A bizarre allegation has surfaced. Obama plans to install a device in every car in the country, that'll measure the number of miles you drive. Then you'll have to pay per mile. What an evil genius!
It's bollocks, of course, Obama has no intention of doing anything of the sort. It's too unpopular, of course.
But, here's a question. Is it reasonable to charge road users by something related to the number of miles they drive? Is there a cost to each mile driven, and if so, is the way we raise the revenue needed to pay that cost fair?
Right now, roads are massively subsidized. Absurdly subsidized. Part of the reason why people live in the middle of nowhere, by default, in most parts of the country is because taxpayers pay a fortune to have roads built to the middle of nowhere, so that homes can be built in those locations and people can live there.
In the US, there's a small amount of revenue collected at the pump that in theory is related to the number of miles driven, but it doesn't cover the full costs of road building, which generally comes out of a basket of local, state, and federal taxes, and while anything that reduces oil usage is a positive thing, the costs of road usage aren't lower simply because you drive a Prius. What are the costs? More than you might think. Railroads are worth mentioning here: they're privately owned in the US, and so we can look at the costs involved and ask what equivalents there are with ordinary roads.
Railroad operators, at least today, need to buy land to build their tracks upon. They have to pay property taxes to compensate communities for the land they continue to use. They also have to build and maintain the right of way. And each decision about where to build a line to has to be taken using a full cost benefit analysis, they can't build lines to the middle of nowhere on a whim that the road might be useful one day.
For governments building roads, very few equivalent costs exist. Governments don't pay property taxes, they collect them, leading to the absurdity that railroads in the US actually subsidize normal roads. Generally, governmental entities will measure the cost of a road simply in terms of the cost of building it, and the cost of maintaining it. And if nobody uses that road, well, the road will be undamaged, and so it'll be assumed that the "cost" of keeping the road around is negligible.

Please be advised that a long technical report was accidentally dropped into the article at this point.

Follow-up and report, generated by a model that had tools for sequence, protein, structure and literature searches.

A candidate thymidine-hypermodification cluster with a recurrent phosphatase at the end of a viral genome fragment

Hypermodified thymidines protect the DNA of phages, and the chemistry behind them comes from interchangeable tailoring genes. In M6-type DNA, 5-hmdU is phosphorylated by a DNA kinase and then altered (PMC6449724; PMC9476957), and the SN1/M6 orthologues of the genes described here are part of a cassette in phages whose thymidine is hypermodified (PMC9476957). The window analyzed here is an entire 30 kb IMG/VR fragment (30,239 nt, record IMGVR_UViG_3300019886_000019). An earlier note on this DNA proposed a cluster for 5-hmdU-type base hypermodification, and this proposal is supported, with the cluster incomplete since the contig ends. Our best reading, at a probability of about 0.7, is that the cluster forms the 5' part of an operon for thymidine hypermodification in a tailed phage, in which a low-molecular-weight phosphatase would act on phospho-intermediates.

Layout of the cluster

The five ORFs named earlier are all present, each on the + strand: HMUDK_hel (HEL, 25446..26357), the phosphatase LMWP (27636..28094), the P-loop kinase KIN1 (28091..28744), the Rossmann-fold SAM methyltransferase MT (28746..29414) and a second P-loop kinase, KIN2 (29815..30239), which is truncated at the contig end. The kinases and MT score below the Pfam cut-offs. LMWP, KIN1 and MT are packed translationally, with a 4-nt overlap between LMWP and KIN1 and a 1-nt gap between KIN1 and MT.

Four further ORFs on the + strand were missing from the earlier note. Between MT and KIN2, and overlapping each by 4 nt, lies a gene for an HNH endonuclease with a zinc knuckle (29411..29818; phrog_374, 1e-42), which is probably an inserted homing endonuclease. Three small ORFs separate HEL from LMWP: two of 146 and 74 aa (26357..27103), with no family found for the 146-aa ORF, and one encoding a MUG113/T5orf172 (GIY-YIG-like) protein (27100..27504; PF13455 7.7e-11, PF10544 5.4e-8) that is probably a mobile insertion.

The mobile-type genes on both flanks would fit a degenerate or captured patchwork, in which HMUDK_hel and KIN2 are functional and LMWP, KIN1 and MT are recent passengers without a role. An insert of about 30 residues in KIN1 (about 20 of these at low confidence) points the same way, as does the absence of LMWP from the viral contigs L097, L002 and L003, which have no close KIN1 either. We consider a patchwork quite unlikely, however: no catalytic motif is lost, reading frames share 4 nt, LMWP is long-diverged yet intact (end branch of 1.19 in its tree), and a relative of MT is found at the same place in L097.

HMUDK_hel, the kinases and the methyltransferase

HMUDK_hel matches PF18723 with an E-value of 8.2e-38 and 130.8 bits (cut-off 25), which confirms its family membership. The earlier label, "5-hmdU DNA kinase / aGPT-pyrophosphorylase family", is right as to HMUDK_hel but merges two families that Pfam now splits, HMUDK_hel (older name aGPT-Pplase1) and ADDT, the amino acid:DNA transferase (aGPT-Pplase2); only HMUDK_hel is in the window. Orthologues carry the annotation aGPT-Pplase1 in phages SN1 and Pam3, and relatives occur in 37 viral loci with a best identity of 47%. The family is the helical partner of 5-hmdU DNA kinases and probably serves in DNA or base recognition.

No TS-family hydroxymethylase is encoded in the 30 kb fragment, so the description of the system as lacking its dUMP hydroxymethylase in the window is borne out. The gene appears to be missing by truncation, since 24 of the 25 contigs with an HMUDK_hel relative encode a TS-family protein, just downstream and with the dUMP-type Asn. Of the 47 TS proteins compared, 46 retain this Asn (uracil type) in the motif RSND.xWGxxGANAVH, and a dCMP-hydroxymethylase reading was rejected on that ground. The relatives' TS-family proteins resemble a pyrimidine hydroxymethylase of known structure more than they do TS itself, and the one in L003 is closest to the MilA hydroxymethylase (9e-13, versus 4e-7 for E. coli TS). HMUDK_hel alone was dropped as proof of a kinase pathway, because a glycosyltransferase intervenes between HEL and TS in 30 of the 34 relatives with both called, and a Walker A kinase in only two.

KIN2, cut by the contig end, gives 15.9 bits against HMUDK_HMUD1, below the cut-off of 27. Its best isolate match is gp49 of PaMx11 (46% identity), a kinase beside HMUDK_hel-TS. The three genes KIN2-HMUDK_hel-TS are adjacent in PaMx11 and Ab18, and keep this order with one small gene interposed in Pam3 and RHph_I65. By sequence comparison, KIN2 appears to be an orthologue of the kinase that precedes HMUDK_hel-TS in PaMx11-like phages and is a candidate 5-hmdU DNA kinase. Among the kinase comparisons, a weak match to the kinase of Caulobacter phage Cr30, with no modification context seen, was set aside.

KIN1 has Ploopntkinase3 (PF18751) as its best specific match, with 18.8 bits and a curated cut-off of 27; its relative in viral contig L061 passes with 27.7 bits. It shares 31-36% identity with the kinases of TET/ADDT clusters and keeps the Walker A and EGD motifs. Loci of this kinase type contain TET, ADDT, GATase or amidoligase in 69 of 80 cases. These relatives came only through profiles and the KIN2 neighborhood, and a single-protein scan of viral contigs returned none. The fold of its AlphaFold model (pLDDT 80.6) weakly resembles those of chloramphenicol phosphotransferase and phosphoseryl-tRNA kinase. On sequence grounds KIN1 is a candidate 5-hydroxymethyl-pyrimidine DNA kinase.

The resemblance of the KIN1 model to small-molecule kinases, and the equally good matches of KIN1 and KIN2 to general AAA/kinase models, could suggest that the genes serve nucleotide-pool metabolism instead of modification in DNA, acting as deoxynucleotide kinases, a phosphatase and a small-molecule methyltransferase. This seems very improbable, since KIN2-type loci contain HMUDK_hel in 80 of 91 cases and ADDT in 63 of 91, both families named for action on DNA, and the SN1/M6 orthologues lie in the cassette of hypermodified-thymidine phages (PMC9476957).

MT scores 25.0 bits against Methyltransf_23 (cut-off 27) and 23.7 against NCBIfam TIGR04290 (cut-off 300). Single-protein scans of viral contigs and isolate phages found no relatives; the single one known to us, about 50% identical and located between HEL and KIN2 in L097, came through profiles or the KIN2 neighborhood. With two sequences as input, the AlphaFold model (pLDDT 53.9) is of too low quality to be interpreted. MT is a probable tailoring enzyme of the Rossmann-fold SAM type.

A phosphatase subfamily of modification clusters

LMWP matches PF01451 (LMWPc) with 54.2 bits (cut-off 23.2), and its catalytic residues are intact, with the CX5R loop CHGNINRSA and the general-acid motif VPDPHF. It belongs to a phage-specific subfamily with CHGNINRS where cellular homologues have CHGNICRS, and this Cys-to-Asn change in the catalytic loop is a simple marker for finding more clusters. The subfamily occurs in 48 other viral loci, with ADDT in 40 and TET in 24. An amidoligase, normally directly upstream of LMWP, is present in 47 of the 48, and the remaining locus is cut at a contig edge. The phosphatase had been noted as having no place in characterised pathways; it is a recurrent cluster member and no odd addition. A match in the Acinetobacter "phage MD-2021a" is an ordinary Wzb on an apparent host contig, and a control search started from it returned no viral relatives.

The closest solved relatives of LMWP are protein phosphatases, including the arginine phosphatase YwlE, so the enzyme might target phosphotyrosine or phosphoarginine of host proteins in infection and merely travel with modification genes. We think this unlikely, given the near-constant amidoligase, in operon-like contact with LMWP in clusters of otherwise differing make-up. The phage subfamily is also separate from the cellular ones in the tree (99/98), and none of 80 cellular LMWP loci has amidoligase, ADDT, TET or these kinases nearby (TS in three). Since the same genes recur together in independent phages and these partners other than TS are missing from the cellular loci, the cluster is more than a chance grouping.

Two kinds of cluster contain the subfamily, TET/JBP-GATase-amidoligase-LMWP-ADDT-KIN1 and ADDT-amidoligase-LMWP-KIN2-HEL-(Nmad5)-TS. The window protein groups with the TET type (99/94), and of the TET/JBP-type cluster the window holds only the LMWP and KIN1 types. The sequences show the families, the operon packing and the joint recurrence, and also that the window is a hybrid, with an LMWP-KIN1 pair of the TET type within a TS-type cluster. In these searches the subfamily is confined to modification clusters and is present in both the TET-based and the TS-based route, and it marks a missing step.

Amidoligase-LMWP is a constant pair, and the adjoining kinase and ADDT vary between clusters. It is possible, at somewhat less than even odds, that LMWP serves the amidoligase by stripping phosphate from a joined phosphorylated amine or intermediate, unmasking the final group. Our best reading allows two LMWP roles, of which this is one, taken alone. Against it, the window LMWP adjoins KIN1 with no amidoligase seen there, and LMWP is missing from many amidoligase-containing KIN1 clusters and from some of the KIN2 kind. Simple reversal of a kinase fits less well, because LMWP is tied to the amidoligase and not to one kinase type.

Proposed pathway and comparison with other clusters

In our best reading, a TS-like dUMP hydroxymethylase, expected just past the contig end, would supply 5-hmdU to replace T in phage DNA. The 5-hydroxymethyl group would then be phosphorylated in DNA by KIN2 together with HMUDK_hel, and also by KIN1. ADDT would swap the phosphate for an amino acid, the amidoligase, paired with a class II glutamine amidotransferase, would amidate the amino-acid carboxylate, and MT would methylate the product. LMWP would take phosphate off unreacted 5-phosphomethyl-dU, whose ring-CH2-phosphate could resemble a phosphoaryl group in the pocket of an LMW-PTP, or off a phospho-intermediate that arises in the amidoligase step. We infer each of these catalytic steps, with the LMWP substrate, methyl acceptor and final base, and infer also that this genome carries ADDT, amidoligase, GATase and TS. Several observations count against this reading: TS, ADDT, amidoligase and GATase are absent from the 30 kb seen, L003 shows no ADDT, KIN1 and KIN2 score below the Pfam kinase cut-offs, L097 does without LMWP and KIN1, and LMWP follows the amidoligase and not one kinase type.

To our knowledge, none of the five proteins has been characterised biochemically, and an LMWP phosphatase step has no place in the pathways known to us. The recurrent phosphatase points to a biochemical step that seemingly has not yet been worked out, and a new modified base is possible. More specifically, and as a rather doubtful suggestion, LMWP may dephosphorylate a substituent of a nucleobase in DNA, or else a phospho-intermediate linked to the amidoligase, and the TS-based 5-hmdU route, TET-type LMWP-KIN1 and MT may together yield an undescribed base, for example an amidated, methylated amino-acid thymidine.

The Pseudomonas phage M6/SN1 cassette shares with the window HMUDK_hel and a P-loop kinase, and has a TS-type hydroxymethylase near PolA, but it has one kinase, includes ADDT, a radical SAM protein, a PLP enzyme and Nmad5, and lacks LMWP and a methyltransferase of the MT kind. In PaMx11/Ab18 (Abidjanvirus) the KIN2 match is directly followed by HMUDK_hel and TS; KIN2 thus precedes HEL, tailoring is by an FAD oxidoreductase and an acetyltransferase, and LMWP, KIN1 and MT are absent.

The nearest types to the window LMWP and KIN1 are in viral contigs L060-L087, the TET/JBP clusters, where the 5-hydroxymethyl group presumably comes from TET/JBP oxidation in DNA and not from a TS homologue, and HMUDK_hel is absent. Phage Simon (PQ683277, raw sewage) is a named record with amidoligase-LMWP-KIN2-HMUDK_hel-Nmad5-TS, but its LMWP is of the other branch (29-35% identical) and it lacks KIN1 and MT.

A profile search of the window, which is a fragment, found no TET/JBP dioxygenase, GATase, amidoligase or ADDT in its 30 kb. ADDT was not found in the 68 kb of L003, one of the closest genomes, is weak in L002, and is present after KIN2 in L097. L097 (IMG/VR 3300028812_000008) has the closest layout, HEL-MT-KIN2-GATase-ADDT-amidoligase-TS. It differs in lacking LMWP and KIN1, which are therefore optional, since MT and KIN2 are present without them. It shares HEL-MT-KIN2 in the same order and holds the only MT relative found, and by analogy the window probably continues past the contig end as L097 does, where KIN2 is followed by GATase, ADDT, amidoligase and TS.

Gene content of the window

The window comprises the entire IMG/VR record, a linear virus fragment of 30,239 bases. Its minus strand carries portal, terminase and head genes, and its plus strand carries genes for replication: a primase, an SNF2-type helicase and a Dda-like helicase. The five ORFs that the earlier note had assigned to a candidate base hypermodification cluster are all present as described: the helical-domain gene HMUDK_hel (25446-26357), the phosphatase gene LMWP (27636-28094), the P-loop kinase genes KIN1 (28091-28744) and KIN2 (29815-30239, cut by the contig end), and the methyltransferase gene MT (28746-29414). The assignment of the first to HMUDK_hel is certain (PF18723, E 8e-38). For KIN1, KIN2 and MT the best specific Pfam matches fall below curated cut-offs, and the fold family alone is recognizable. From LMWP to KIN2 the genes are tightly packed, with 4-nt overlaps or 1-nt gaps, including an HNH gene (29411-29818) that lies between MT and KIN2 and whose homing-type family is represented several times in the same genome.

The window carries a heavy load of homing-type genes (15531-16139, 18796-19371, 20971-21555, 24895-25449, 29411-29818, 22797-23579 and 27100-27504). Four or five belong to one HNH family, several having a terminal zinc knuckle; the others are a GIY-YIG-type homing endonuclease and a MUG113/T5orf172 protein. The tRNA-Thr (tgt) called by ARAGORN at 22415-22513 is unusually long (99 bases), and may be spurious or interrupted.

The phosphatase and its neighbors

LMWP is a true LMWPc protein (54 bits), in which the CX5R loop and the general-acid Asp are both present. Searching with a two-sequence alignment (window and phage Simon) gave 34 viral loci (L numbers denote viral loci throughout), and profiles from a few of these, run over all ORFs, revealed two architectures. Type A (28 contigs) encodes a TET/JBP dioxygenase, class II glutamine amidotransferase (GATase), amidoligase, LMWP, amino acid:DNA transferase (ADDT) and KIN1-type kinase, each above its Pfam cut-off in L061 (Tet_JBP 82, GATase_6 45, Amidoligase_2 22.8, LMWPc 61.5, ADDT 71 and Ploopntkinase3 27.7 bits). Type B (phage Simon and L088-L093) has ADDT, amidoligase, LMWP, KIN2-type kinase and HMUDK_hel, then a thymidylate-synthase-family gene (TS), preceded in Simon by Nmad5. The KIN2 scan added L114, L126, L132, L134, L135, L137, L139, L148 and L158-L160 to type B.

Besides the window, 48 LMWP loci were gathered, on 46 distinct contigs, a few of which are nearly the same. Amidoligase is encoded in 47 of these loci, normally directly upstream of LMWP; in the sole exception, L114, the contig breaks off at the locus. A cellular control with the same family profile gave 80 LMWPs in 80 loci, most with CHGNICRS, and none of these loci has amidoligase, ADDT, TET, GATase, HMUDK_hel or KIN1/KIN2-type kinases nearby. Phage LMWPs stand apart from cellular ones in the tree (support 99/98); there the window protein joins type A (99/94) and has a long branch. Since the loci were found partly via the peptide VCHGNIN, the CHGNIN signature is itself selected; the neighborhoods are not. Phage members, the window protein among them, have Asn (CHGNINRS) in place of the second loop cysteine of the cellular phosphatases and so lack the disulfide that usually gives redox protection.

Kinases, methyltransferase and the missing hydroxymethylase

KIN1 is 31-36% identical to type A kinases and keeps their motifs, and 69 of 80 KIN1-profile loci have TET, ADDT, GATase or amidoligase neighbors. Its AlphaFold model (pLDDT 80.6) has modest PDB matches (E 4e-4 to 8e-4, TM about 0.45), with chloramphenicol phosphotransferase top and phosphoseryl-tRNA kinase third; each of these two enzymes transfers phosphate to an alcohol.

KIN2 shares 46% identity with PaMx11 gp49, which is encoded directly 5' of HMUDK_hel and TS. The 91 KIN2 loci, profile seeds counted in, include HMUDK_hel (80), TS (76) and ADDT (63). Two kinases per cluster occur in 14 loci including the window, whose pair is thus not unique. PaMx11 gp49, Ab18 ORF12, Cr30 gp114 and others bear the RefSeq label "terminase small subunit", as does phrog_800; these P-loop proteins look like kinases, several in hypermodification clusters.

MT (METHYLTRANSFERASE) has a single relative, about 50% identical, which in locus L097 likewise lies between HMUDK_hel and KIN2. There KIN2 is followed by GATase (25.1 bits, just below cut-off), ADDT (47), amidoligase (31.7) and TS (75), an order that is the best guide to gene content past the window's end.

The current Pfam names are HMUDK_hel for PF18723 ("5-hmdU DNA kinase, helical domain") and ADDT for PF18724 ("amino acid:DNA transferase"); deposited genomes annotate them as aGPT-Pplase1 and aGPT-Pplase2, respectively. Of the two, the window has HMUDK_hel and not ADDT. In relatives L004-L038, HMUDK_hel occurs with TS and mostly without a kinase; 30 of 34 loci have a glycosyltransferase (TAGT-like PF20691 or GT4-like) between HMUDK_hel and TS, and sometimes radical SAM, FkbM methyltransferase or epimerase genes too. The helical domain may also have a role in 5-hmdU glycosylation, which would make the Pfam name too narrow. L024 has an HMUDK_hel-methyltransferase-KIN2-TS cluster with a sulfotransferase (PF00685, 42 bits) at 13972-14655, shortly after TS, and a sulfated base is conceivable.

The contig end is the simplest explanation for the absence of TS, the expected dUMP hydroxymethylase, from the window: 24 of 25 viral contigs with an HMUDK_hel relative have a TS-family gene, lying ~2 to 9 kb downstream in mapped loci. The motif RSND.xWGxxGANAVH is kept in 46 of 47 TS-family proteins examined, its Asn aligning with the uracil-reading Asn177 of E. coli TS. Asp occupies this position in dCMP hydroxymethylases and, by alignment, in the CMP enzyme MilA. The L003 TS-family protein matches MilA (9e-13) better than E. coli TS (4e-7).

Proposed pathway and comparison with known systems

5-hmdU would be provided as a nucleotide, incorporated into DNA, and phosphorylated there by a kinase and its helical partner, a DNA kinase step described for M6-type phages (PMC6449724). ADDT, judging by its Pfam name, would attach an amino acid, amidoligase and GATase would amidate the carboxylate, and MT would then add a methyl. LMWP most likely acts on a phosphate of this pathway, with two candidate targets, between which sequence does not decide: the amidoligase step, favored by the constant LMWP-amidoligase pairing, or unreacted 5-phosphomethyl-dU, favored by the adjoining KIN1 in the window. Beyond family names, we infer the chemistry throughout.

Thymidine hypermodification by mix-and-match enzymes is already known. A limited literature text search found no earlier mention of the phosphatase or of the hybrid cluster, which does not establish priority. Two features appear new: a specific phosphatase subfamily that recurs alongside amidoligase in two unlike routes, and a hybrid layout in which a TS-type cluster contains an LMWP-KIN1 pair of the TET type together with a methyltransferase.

Now, suppose you want a sane transportation policy. Wouldn't a "users-pay" philosophy make the most amount of sense, with the "cost" associated with each transportation system being measured in a consistent way? You'd limit the road budget, forcing road builders to actually weigh the costs of building out roads when doing so. You'd prevent one form of transportation system dominating others for any reason other than superiority.
Now, before I go any further, I want to emphasize I'm not talking about Obamodometers. Leaving aside privacy concerns, I don't think such a system would necessarily produce the fairest outcome. What I'd like to see, instead, is a system based upon a combination of private and community road ownership. Essentially, roads would either be owned by their users (usually in the form of communities owning their local roads), or owned by private entities who'd use whatever revenue generation method they wish.
I'm not talking about raising taxes, rather redistributing how we collect them. Making road users responsible for roads reduces the need to make local, state, and Federal governments involved in them, which means other taxes can be cut. In the medium term, you'd see, over-all, a lower tax burden, because the stupidity of building bad roads, and penalizing companies that take traffic off of roads, would be drastically curtailed.
These kinds of reforms can't be done in isolation. They have to be accompanied with planning reform so that the absurdity of requiring businesses be housed in buildings built miles away from the employees and customers they serve can be finally ended. You can't simply require road users pay the costs, you also have to ensure they can escape high road costs by reducing their cost burden.
That's what I think anyway.